Grains and Pulses MSP

Growers of major rabi crops are receiving more than MSP this year

Growers of major rabi crops are receiving more than MSP this year (1) (1) (1)

Growers of major rabi crops — wheat, mustard, masur, and barley — are receiving more than the minimum support prices (MSPs) this year, despite the fact that mandi arrivals of most crops are higher during the harvest of winter crops from April 1 to 13.

Only chana, the main rabi-grown pulse, has a farm-gate price that is 9% lower than the MSP of ₹5,230/quintal. According to Agmarknet’s mandi price data, while average mandi prices are up 3-66 percent from their respective MSPs so far this month, they are up 6-67 percent from a year ago for crops other than chana.

Also Read | Centre would form committee on MSP as soon as it receives names from SKM: Tomar.

Impact of the Russia-Ukraine war

Rabi crop prices are higher this year due to increased demand for wheat, rice, and maize exports as a result of the Russian-Ukraine war. The war has also impacted barley imports, raising domestic prices, while sunflower oil imports have increased mustard prices.

‘Normally, when arrivals increase, prices fall.’ However, with the exception of barley, all other crops have seen higher mandi arrivals this year, despite the fact that traders are freely buying outside mandis in Uttar Pradesh, Madhya Pradesh, Rajasthan, and Gujarat,’ said SB Goyal, a Delhi trader.

The mustard crop arrivals in India have increased by 12%. The supply of mustard in Rajasthan, which accounts for nearly half of total production and area, is down 25% from a year ago. Nonetheless, mandi prices for the oilseed are 25% higher than MSP in Rajasthan and across India.

‘Last year, we heard that mustard farmers were paid up to ₹8,000 per quintal.’ But we only got ₹6,400/quintal this year,’ said Anupam Singh Rajawat, a farmer in Uttar Pradesh’s Jalaun district who had switched from green peas seeds to oilseeds on 15 acres. ‘At the current price, mustard is not as profitable as peas (seeds),’ he said.

Another farmer, Naresh Singh of Jalaun, is waiting to sell his mustard when prices rise further because he expects to get higher prices. He is also a first-time mustard grower, having switched from peas (seeds). ‘I can hold the crop until next January, but I’m hoping for a price increase before October,’ said Singh, who is expecting to harvest more than 10 tonnes of mustard from eight hectares.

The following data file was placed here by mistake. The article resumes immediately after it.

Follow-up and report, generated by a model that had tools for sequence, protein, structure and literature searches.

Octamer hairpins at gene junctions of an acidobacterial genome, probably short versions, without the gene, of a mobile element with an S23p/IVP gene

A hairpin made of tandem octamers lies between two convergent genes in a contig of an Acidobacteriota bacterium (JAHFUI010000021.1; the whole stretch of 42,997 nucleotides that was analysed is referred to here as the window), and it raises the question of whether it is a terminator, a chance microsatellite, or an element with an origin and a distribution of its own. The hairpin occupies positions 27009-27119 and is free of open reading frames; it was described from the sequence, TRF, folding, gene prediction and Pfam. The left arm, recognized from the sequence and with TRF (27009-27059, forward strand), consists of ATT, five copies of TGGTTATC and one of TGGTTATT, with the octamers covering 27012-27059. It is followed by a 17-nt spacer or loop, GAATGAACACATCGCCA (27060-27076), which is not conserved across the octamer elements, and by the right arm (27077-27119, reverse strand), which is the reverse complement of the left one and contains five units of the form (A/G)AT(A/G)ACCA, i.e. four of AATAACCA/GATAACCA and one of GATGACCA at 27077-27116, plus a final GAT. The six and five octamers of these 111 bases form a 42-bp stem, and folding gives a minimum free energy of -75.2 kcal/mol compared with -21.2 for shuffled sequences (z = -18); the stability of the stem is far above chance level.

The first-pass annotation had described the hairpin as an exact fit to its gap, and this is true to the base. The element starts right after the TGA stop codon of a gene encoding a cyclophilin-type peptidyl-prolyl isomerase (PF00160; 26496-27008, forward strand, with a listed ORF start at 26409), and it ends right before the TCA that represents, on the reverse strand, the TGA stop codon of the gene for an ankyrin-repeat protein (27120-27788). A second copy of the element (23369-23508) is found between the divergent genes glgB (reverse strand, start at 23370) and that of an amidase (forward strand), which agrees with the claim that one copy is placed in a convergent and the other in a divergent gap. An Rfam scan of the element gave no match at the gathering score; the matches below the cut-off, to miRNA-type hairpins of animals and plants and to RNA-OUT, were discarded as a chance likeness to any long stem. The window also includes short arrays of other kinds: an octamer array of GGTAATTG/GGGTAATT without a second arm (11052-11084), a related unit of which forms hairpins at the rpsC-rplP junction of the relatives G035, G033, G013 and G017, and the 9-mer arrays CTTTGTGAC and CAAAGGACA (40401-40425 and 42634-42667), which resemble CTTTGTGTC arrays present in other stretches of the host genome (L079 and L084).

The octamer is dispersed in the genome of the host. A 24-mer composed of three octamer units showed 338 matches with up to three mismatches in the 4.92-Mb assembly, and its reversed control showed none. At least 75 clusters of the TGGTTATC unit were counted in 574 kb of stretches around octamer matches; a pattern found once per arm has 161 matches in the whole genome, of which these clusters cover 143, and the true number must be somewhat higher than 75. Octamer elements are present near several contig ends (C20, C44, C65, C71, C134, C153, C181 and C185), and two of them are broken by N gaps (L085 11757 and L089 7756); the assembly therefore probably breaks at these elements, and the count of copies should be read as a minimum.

Last year, mustard prices in Rajasthan began at ₹5,116/quintal in March (average for the month) and rose to a high of ₹7,899/quintal in September before falling to ₹7,123 in January 2022 before rising to ₹7,866 the following month. However, the new crop this year began at ₹6,427 in March and fell to 6,295 in April (1-13).

‘There was a significant increase in mustard area because everyone expected high prices similar to last season.’ Fortunately, prices are at or above MSP. Otherwise, we would have suffered a significant loss as a result of our relocation from Matar,’ Rajawat explained.

Despite the fact that wheat prices are above the MSP of ₹2,015 per quintal in all states, Gujarat farmers have reaped the greatest benefits from the current surge, which has been fueled by record export contracts as a result of the Russia-Ukraine conflict. However, pan-India average mandi prices are now 2.8 percent higher than MSP and 2.5 percent higher than the benchmark rate in Madhya Pradesh, which has so far recorded the highest mandi arrivals of any state.

Also Read | Govt play yet another ‘trick’ of forming MSP committee after elections: Surjewala.

The highest increase in mandi prices among all rabi crops has been in barley, which has increased by 67% (₹2,713/quintal) across India from MSP during April 1-13, and by 73% (₹2,824) in Rajasthan, the largest producer.

A major demand during the farmers’ agitation was for a legal guarantee of MSP. ‘If market rates remain higher than MSP in the coming years, this demand will have no value, even for farmers,’ a member of the Supreme Court-appointed committee said.

Farmers’ higher returns will almost certainly benefit the rural economy. In addition to jewellery, it should bring joy to the hearts of manufacturers of white goods, FMCG items, two-wheelers, four-wheelers, and tractors.

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